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Work around the Clock: effects of shift work on cognitive performance and circadian organization in behavior and physiology

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24 hour people - impact of shift work on the body

The 24-hour society takes its toll on those working irregular hours by affecting the body's internal biological rhythms, according to results from the EU-funded Clockwork project. The consortium has developed a mouse-based model to study the effect of shift working on mental performance and the body's biological clocks.

Climate Change and Environment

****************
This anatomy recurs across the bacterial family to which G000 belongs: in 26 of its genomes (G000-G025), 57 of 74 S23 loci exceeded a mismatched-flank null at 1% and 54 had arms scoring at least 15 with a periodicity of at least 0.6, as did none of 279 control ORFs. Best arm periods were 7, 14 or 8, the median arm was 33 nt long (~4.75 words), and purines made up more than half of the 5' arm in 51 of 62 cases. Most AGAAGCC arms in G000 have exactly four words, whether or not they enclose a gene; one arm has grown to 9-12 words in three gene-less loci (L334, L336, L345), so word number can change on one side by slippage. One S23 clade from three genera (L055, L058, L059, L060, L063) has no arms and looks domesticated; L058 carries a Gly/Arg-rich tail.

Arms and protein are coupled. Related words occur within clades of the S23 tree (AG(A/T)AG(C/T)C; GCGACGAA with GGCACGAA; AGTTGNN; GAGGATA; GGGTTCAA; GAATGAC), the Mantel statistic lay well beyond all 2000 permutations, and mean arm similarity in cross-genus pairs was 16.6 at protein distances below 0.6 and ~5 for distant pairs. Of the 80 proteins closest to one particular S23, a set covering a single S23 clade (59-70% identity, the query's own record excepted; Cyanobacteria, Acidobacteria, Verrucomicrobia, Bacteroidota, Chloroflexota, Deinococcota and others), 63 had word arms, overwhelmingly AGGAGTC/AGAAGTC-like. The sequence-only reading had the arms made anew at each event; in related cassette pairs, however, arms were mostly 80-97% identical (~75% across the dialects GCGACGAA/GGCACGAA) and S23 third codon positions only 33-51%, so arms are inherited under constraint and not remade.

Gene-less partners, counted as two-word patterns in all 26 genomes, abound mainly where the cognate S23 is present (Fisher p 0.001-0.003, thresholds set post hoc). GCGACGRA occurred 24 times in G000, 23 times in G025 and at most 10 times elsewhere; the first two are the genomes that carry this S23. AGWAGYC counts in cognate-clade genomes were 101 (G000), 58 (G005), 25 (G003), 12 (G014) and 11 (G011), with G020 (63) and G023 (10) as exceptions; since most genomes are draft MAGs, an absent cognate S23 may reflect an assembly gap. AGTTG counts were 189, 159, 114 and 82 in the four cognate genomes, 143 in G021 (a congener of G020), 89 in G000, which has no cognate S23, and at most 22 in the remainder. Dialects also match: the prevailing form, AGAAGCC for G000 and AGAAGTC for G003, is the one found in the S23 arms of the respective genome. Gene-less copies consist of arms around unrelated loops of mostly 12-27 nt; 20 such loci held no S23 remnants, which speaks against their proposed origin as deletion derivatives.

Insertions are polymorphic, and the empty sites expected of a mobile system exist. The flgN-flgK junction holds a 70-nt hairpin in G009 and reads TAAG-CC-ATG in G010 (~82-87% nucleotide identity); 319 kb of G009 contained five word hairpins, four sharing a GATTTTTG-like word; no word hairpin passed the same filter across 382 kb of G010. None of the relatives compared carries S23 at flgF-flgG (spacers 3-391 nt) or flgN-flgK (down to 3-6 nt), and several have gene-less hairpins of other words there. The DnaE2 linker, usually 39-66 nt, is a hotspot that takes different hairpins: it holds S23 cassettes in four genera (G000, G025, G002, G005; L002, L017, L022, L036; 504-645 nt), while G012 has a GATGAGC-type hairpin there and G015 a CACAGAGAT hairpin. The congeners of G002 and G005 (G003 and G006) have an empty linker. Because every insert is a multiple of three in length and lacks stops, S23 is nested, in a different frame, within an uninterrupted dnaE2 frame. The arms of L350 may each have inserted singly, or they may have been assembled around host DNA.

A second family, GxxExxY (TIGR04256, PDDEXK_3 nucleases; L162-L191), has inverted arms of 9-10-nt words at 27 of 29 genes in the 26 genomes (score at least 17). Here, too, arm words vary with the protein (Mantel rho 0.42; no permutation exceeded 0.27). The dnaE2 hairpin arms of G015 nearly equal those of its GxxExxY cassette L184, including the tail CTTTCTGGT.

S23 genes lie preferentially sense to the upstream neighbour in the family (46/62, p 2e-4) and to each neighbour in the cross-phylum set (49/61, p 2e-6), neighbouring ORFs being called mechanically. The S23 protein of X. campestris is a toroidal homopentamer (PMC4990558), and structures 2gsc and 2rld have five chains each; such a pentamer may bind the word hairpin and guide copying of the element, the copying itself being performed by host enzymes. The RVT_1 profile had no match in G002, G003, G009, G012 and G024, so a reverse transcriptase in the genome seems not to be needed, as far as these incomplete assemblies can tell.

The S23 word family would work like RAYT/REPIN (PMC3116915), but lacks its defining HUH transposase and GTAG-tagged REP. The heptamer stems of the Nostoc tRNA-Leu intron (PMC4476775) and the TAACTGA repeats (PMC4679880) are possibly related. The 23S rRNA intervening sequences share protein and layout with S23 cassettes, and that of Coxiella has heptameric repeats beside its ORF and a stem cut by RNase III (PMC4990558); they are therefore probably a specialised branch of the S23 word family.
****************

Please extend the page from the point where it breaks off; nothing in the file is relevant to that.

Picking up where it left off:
Shift working is now common practice, but surprisingly little is known about its affect at the physiological and neurobiological level. Human beings have evolved internal biological rhythms that are adapted to a night-day cycle - circadian rhythm - but these can be disrupted by artificial lighting and long-haul flights. However, the greatest disruption to the synchronisation of the body's internal rhythm is caused by shift working. Under normal conditions the body's internal clocks are controlled by a central pacemaker known as the suprachiasmatic nucleus (SCN) that is located in the hypothalamus region of the brain. The SCN synchronises certain behavioural and physiological responses according to specific times of day. This synchronisation enables an individual to operate at an optimum physiological and mental level. Loss of synchronisation due to shift working can lead to an abnormal physiological response such as obesity, reduced mental ability and an increase in disease. Researchers from the Clockwork project have developed a comprehensive model for shift work using mice, which can describe the internal desynchronisation between the SCN and hormonal rhythms. The mice have been kept at different shift work schedules. Under normal light-dark cycles the rodents were active and feeding during the dark cycle, while SCN activity was synchronised with the light. Under shift work conditions feeding and forced activity were carried out in three shifts over the LD cycle. Project partners have studied the central nervous system and SCN of the mice and their metabolism and physiology following exposure to the different work schedules. Scientists also investigated rhythms in the peripheral organs of the mice and their behaviour and mental performance. Findings revealed that the LD cycle and the mice's metabolism were linked. Mice that were normally active during the night and sleeping during the day became active in the day and sleeping at night. This was not due to the central circadian clock (SCN) changing its pattern of activity, but due to its loss of influence on a, yet unknown, circadian pacemaker that drives activity.

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